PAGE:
Off-duty soldiers nab robbers
When two men decided to rob a McDonald’s in eastern France they had not expected to come face-to-face with a table of hungry soldiers from an elite military force. The armed men burst into the fast food outlet in the commune of Ecole-Valentin late on Sunday, with one firing a warning shot while the other raided the till for cash. However, among the about 40 diners in the burger joint were 11 members of an elite branch of the French Armed Forces — particularly hardened soldiers who specialize in hostage situations. The off-duty soldiers waited for the end of the heist to intervene so as not to put other patrons in danger, Besancon public prosecutor Edwige Roux-Morizot said on Monday. The first man, who was carrying about 2,000 euros (US$2,270), stumbled as he attempted to flee and was captured, while the other was shot in the abdomen by one of the elite forces and arrested. The two men are in hospital and are to appear before a judge on charges of armed robbery and violence, Roux-Morizot said.
Parrot key to murder
The ex-wife of a Michigan man believes a parrot is repeating something said just before his fatal shooting, but a prosecutor is downplaying whether it could be used in court. Newaygo County Prosecutor Robert Springstead on Monday said he “highly doubts there is any precedent” that what is repeated by a parrot can be used as evidence. Martin Duram was slain in Ensley Township in May last year. Then-wife Glenna Duram had a head wound, but survived. Ex-wife Christina Keller told WOOD-TV that Martin Duram’s parrot, Bud, has repeated “don’t [expletive] shoot” in Martin’s voice. Springstead said he has not heard it. The death remains under investigation.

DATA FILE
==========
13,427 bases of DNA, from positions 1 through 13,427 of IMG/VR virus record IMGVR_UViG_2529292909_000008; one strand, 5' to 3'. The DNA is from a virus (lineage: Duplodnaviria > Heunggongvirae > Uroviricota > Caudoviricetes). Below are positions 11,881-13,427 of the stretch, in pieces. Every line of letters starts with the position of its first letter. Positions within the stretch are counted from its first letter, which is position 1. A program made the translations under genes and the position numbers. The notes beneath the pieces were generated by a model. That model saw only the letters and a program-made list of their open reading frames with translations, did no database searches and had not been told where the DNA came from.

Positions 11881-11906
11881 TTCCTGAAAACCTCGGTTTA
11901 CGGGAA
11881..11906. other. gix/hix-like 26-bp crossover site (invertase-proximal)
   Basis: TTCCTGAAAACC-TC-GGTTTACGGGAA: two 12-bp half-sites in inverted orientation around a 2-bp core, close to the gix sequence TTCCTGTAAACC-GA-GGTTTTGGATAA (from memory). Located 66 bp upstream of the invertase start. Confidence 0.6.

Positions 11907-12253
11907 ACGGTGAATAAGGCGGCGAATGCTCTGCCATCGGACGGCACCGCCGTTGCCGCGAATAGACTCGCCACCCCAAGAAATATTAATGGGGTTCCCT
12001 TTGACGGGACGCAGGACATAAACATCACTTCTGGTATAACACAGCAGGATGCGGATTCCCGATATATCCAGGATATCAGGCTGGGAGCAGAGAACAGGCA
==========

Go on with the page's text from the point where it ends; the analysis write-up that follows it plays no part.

Woman shot dead by police
A woman died on Monday after being shot by police when looters tried to pillage a warehouse, her family said, the latest unrest to hit the nation amid severe food shortages. Jenny Ortiz, 42, was hit by a stray bullet on Sunday night when police opened fire on looters trying to ransack a warehouse in the western city of San Cristobal, family spokesman Larry Mogollon Acevedo said. “This is an abuse of authority,” he said. Ortiz died on Monday morning at a San Cristobal Hospital after being shot multiple times in the head and face, prosecutors said. A 13-year-old boy who was passing by was also wounded. Officials said looters descended on the warehouses at the San Francisco Commercial Industrial Center overnight, in what Tachira State police chief Amador Torres called a “planned criminal act by armed groups that opened fire on police.” He said seven men and eight women were arrested, adding that food shortages had little to do with the incident.
Tropical storm makes landfall
Tropical Storm Colin made landfall early yesterday and was moving across northern Florida, unleashing thunderstorms and flooding, while Florida Governor Rick Scott activated the National Guard ahead of its landfall. The storm, which was 90km southwest of Jacksonville at 2am eastern time, barreled toward land at 37kph, the US National Hurricane Center in Miami said. A tropical storm warning was in effect for northern Florida into North Carolina yesterday morning. On its forecast path, Colin would churn across southeastern Georgia early yesterday and later in the day menace the North and South Carolina coasts.